by Placerville Newswire / Dec 20, 2016 / comments

Residents of unincorporated Sonoma County who worry about the crime and blight associated with marijuana cultivation had their voices heard Tuesday when the Board of Supervisors rejected a proposal that would have allowed small-scale grows in any residential rural zones outside city limits.

Supervisors Shirlee Zane, David Rabbitt and James Gore voiced strong support for an outright ban, opposing a county Planning Commission recommendation to allow cottage-sized cultivation on rural residential lots of 2 acres in size or more…

The board, instead, voted to approve a broader, far-reaching land-use ordinance regulating marijuana cultivation, both indoors and outdoors, on agricultural and industrial zones across the county. Implementation is tied largely to the success of a marijuana cultivation tax set for a March 7 special election, or finding an alternative funding source.

“There’s a lot of violence with home invasions,” Zane said. “I think the crime element has not been discussed enough. People who live in rural residential (areas) have a right to live in a safe community.”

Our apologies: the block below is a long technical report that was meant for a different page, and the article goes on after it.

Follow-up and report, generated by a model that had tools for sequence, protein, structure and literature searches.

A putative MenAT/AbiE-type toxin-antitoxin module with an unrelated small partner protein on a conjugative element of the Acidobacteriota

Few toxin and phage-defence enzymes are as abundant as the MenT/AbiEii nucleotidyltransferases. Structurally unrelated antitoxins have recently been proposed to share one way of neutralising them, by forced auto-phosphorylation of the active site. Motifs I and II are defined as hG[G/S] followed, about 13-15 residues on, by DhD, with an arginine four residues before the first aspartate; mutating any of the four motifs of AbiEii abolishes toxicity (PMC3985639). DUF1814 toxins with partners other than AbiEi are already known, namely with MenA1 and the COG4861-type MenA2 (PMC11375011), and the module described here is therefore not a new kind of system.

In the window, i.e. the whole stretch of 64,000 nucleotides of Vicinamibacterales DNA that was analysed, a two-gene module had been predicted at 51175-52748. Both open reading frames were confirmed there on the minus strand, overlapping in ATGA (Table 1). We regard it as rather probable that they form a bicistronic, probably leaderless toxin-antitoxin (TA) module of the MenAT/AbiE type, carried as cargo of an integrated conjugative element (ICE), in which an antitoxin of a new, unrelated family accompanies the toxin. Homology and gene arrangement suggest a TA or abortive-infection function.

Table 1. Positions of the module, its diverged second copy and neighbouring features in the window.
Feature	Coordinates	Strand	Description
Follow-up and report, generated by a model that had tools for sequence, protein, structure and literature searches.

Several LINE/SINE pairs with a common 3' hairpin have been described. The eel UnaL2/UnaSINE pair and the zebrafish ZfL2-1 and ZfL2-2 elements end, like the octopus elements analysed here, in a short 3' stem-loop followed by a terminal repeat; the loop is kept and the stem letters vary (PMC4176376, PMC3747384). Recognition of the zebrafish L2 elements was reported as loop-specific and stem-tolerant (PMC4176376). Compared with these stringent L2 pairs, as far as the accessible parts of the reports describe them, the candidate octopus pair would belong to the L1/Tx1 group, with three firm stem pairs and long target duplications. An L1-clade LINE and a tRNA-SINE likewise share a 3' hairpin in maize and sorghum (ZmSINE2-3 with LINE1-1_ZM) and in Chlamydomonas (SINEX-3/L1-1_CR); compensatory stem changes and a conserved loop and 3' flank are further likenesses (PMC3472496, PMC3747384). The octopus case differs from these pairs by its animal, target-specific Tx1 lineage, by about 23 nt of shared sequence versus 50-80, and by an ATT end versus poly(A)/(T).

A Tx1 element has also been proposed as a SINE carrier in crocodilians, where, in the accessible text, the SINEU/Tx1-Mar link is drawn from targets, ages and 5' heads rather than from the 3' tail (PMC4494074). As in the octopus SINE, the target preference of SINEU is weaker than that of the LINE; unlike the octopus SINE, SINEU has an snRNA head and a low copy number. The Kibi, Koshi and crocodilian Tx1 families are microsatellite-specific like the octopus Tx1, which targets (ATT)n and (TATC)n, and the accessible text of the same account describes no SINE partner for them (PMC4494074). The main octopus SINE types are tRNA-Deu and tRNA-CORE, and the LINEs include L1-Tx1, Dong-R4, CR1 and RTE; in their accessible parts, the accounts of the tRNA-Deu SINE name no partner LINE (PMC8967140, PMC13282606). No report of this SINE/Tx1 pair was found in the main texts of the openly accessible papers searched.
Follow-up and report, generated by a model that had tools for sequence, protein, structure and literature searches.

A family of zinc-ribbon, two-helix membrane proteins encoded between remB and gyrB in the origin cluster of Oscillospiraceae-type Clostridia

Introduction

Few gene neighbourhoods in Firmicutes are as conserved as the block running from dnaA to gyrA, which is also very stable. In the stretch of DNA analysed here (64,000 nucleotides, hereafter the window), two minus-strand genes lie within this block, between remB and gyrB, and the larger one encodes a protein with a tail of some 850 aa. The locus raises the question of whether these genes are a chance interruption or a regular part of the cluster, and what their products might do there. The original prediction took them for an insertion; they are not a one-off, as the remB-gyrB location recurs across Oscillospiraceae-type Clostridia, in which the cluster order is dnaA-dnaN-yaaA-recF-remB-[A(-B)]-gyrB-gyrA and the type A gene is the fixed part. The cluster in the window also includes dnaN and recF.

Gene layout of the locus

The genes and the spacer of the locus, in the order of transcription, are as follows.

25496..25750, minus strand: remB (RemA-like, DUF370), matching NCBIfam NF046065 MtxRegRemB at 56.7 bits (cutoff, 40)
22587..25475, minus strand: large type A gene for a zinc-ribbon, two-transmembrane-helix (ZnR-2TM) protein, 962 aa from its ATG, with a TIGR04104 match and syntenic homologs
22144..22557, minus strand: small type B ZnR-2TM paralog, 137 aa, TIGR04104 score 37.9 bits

Her sentiments echoed testimony from law enforcement officials who said they had seen an uptick in marijuana-related crimes in the area. Lt. Tim Duke of the Sonoma County Sheriff’s Office told the Board that 774 crimes associated with pot were committed between July of 2013 and 2016. He also believes home invasion robberies are up because of the marijuana trade.

Many growers acknowledge the criminal element but say greater restrictions make the problem worse by pushing the trade further into the shadows. With the ban now in place, “people are going to head right back into the hills, the national forests,” one grower said.

Read more about Tuesday’s vote here.